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to think of myself as an experimental artist where I am always trying to play with new techniques, different mediums, and just mess around with it. Due to that nature, I mess around quite a lot and mess up even harder. Most of the time I am like “Well, this is a piece of shit,” and don’t care if I mess up, so then I do something and I like it and then I’m like, “I love this piece.” It’s like that artist meme and it hits home so hard: This sucks, I suck; this is awesome, I am awesome.

CAN YOU EXPLAIN HOW YOU STARTED USING SCREEN PRINTING AS A MEANS TO ENHANCE YOUR PHOTOGRAPHY ART?

I played with resin art a while ago and what I loved and hated about it was the fact that you couldn’t control it. I have so much control with what I do that I wanted to just let go. That also drove me bonkers but every time would lead to a different result. I one day was like, “Maybe I should screen on this because it would be a sweet background.” I didn’t know how to screen at that point so I made some terrible homemade thing and kind of figured it out. I found some image on the internet—not even thinking about using my own—and made a screen. I had just finished a photoshoot with one of my favorite models and was like, “Wow, that was stupid, Addison, use your own.”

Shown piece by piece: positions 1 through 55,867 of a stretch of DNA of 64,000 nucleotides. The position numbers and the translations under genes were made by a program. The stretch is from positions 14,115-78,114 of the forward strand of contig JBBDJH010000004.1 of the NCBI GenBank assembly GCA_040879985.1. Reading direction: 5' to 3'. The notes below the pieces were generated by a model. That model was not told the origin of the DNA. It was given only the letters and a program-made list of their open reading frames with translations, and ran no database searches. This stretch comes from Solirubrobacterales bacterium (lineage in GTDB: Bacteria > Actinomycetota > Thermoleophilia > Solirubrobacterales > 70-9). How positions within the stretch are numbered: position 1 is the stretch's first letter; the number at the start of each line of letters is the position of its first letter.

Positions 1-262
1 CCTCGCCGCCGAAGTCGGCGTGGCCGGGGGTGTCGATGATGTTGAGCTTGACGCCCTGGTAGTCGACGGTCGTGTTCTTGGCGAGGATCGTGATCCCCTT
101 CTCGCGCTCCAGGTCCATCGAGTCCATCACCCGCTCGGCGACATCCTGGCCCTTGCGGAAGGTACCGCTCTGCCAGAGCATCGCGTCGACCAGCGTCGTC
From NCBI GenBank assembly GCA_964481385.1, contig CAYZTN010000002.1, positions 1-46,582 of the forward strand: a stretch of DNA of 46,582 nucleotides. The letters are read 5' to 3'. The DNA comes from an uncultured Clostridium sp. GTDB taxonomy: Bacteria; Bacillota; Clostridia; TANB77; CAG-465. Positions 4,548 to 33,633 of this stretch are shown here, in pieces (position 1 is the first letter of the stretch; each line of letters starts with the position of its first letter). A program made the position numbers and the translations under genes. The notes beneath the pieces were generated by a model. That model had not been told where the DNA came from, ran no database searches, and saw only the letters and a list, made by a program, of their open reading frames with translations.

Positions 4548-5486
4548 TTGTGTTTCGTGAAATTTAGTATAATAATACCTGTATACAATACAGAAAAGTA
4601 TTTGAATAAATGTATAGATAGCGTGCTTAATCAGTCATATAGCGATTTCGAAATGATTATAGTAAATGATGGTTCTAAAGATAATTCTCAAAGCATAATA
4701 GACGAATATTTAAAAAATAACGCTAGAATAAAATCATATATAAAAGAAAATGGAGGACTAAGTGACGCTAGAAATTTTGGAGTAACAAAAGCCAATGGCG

WHAT INSPIRES YOU TO TRANSFORM A PHOTO INTO A MIXED MEDIA CREATION?

I edit and do a photoshoot for the photoshoot, not for the art. If there is an image that has the correct lighting that I want with the correct mood, that is when I decide to use it as a screen. If it doesn’t have it, I just don’t use it. I don’t want to control a photoshoot for the sake of my screens, I want it for the photography and I want it to just happen naturally. I feel like when it is forced is when it doesn’t work.

YOUR ARTWORK OFTEN GOES THROUGH MANY TRANSFORMATIONS. CAN YOU EXPLAIN THIS PROCESS?

Oh does it! I would like to say that I am constantly experimenting. The problem with experimenting on things so much is that there are a TON of ugly/fuck up stages […]. I think the biggest thing is that most people— me included—are scared to do something because they don’t want to mess it up. I have now changed my mindset into “If I mess it up, I will x it.” There are also a lot of times where I am not sure where to go next. So I just put it to the side, start something new and see if it just comes to me. If it doesn’t, I hang it in my living room until I can figure out what else it needs.

To view more of Addison Jones’ work, go to addisonjonesphotography.com.